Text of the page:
In 1927 Weimar Germany, amid escalating social conflict, Friedrich Zelnik, known only for his genteel musicals, was the last person anyone figured to direct a film version of Gerhart Hauptmann’s classic The Weavers, a contentious and controversial play about a proletarian uprising. The story of the 1844 Silesian Weavers revolt was akin to a roman á clef about the current state of affairs.
The Weimar Republic, Germany’s postwar experiment with parliamentary democracy, proved incapable of solving the overall crises of the nation, yet it at least allowed for great freedom and creativity in the arts. In the aftermath of the First World War’s unprecedented destruction, escapism flourished and Zelnik’s cheery musicals were as popular as the dark, expressionist films of Murnau, Lang, Pabst, and Wiene, which are better remembered today.
In many ways Zelnik was the cosmopolitan man of the world he portrayed on stage and screen. Born in 1885, he became a debonair leading man in German cinema in the 1910s and rose to stardom over the next few years playing high society gentlemen. In 1915, he began to produce his own starring vehicles with his own company and went on to great success as a director and producer of period operetta films in the 1920s and early 1930s.
In 1918 he married the singer and dancer Lya Mara and cast her as his leading lady. He then gradually withdrew from acting to focus on starring vehicles for Mara. His series of costume melodramas invariably featured his lovely wife, with her onscreen lover played by established stars, including Wilhelm Dieterle in The Bohemian Dancer (Die Försterchristl, 1926). The film he made immediately prior to The Weavers was The Gypsy Baron, a tale of Gypsy fortune tellers and hidden treasure, based on the operetta by Johann Strauss Jr.
The story of the Silesian weavers was a radical departure for Zelnik. The revolt of the weavers in 1844 in the mountain settlement of Peterswald (now in Poland) has become a flash point in German history. The weavers worked in their own homes on primitive looms weaving the yarn the manufacturer gave them into cotton cloth, which they then sold back. A financial crisis led to a fall in the price of cotton. To become more competitive, the manufacturer used the arrival of new mechanical looms as a pretext to pay the weavers even less. Pushed to the brink of starvation, the weavers stormed the boss’s offices and mansion and destroyed everything inside. They then went to the neighboring town and, with the help of those workers, destroyed the machines that had ruined their lives.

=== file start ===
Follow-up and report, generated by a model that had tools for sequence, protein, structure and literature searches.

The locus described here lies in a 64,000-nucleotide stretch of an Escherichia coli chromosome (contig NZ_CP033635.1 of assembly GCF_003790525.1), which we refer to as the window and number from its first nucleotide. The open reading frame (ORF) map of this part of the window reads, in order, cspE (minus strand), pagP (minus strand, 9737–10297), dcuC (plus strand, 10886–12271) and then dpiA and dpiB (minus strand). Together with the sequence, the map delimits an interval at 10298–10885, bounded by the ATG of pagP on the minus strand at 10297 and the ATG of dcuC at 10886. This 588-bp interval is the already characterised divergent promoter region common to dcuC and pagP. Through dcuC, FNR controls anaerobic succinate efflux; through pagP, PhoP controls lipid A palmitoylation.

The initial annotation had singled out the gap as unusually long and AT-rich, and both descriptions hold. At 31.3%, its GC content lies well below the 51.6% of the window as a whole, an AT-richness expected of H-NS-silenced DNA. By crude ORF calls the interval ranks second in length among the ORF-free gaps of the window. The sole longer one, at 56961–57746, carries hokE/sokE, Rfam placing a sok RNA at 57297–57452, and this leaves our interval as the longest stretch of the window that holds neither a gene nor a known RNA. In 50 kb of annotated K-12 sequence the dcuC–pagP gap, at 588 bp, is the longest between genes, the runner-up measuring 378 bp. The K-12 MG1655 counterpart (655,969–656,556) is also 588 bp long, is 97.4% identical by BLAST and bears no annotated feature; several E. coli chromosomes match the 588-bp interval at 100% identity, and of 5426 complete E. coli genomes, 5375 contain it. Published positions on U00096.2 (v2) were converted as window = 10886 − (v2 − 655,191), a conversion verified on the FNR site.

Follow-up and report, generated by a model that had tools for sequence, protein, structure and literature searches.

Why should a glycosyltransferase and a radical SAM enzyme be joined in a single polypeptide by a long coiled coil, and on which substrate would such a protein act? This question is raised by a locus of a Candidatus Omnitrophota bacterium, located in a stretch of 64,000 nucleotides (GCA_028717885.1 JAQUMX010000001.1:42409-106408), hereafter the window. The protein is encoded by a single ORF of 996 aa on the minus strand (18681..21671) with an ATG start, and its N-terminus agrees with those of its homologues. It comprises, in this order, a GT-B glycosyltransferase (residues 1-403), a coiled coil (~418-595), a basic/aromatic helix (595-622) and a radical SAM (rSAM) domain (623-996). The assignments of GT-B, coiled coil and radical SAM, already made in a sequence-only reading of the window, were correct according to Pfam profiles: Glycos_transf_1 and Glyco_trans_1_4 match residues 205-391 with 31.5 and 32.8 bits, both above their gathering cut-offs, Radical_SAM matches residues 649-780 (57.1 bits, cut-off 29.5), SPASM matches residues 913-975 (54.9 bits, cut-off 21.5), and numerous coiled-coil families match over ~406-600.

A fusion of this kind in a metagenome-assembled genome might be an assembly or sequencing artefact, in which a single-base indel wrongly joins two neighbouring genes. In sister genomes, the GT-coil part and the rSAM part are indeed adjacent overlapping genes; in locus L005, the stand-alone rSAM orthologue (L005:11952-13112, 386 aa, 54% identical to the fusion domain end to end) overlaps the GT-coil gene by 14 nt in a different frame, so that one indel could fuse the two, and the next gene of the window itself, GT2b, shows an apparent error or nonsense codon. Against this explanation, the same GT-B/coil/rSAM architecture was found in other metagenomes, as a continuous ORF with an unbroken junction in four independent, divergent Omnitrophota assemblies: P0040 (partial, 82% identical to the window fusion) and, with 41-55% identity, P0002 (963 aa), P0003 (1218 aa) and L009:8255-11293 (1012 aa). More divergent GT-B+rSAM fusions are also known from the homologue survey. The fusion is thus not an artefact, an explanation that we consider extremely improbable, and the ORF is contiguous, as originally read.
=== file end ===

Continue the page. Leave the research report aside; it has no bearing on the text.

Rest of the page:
The poet Heinrich Heine saw the revolt as a harbinger of a coming revolution against the “Old Germany” of monarchy and conservatism, a patchwork country of kingdoms and duchies, and immortalized the weavers’ rebellion in what has become his most famous poem, “The Silesian Weavers” (1844), written in the voice of the weavers. The young Karl Marx and Friedrich Engels saw the revolt as an indication that the nascent working class was going to rise and fight for its interests; the weavers were a key inspiration for the ideas that led to The Communist Manifesto in 1848.
Hauptmann’s play depicted the downtrodden weavers as they gradually come to condemn not only their greedy employer, but also religion, the king, and capitalism itself. There were some stage productions, but relentless opposition from the authorities resulted in the play being repeatedly banned until 1902, after which it was staged hundreds of times to enthusiastic audiences.
While the film closely follows Hauptmann’s work, Zelnik created an engaging cinematic experience, not just a filmed play. He used crosscutting between locales and action to intensify the pace. And more significantly, while the crowd scenes in the play have to take place offstage, in the film they can take place on camera.